- Why An Opened Bottle Of Wine Needs To Be Preserved
- Different Forms Of Preservation
- Different Brands Of Wine Preservers
- What Are The Differences Between Vacuum, Nitrogen And Argon?
- Why Can't I Just Put An Open Bottle Back In My Fridge?
- Why Does The Wine Leak Out Of Stopper If I Turn It Upside Down?
- How Long Will an Open Bottle Last Once It's Been Preserved?
- Why Does My Pump Make A Clicking Sound?
- What Is The Best Way To Serve And Preserve Multiple Bottles?
Different Forms Of Preservation
There are basically two different ways that wine can be preserved, or protected from oxygen.
Vacuum/Pump - The use of a vacuum or pump on a bottle of wine will simply remove the air out of the bottle. This is the most basic form of preservation and probably the most common. This can be done manually with a pump, such as the Vacu Vin, and a stopper that is equipped to work with that particular pump. Once the air is removed some people prefer to put their bottle either back in a wine cellar or even a standard refrigerator to help avoid it getting "cooked". There are also preservation units that will automatically vacuum the air out of the bottle, such as the EuroCave Wine Art, and will also offer temperature control for multiple bottles. You can expect your wine to last about 7-10 days after it has been opened using this form of preservation.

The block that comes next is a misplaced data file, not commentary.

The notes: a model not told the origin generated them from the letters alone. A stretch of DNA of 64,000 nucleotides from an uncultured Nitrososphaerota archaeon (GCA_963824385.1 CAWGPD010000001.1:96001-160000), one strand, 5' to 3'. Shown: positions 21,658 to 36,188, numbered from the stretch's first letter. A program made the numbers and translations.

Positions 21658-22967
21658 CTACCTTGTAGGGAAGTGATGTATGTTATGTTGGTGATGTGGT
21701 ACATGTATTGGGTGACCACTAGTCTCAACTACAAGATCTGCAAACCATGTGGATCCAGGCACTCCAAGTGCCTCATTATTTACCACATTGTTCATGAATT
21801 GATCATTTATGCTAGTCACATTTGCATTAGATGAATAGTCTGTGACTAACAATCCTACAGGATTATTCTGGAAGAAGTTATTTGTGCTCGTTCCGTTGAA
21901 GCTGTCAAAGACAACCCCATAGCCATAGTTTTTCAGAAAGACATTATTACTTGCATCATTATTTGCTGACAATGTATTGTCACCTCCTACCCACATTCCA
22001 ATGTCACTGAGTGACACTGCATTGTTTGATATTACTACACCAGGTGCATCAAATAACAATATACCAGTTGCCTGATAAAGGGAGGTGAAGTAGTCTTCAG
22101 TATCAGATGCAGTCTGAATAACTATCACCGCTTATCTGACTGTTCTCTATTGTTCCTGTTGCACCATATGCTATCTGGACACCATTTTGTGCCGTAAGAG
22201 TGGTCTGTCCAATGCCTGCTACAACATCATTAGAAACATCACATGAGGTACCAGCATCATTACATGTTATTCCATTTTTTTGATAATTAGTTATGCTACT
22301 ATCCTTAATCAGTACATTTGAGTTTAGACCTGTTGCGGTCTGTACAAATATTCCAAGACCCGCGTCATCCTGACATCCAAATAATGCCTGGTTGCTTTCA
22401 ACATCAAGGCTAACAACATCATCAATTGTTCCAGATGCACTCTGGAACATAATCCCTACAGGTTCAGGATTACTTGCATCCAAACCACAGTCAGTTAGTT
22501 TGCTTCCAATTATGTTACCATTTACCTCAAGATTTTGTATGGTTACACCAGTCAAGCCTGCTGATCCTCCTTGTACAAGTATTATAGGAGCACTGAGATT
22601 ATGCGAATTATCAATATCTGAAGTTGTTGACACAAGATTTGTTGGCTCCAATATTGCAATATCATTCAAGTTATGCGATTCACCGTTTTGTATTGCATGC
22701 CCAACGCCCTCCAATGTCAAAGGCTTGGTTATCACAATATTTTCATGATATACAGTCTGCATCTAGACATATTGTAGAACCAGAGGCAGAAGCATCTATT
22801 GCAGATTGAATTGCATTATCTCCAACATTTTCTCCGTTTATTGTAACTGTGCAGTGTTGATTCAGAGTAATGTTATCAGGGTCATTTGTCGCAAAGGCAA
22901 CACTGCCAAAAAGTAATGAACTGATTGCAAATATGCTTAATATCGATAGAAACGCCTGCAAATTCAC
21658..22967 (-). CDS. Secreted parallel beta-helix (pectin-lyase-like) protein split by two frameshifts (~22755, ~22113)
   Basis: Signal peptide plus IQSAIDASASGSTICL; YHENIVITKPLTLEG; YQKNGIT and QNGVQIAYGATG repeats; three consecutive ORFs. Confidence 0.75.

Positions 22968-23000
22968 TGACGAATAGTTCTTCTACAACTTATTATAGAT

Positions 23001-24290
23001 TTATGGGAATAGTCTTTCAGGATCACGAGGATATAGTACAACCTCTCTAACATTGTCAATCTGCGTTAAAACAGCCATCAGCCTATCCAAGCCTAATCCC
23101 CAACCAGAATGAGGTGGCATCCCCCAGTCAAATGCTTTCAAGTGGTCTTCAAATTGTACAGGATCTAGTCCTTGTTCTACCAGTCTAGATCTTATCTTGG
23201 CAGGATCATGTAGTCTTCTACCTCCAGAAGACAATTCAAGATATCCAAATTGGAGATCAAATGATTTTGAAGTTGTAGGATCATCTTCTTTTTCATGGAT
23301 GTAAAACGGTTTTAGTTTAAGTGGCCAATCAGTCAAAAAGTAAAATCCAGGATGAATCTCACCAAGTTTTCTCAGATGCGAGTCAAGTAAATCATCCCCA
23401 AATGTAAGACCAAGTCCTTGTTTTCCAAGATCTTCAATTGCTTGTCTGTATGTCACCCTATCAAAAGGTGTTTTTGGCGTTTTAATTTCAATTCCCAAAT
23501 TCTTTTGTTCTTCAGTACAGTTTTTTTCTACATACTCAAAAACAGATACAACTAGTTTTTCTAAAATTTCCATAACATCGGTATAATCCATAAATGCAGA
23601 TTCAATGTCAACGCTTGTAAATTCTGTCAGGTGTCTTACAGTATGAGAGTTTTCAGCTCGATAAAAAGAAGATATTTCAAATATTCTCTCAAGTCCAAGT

Inert Gas/Cartridge Systems - The inert gas that is used for wine preservation products is always heavier than air. Therefore, by pumping a specified amount of it into an opened bottle of wine it basically creates a blanket over the wine protecting it from the surrounding oxygen. There are a few different gases and combination of gases that are used, but Argon and Nitrogen are certainly the most popular and effective. The jury is out on which works better but by using this method a bottle can last from a week to a month. With many of these systems that displace the gas in the bottle some form of a stopper is required as well. Of course these gases will dissipate after a given amount of time so they will not protect wine forever.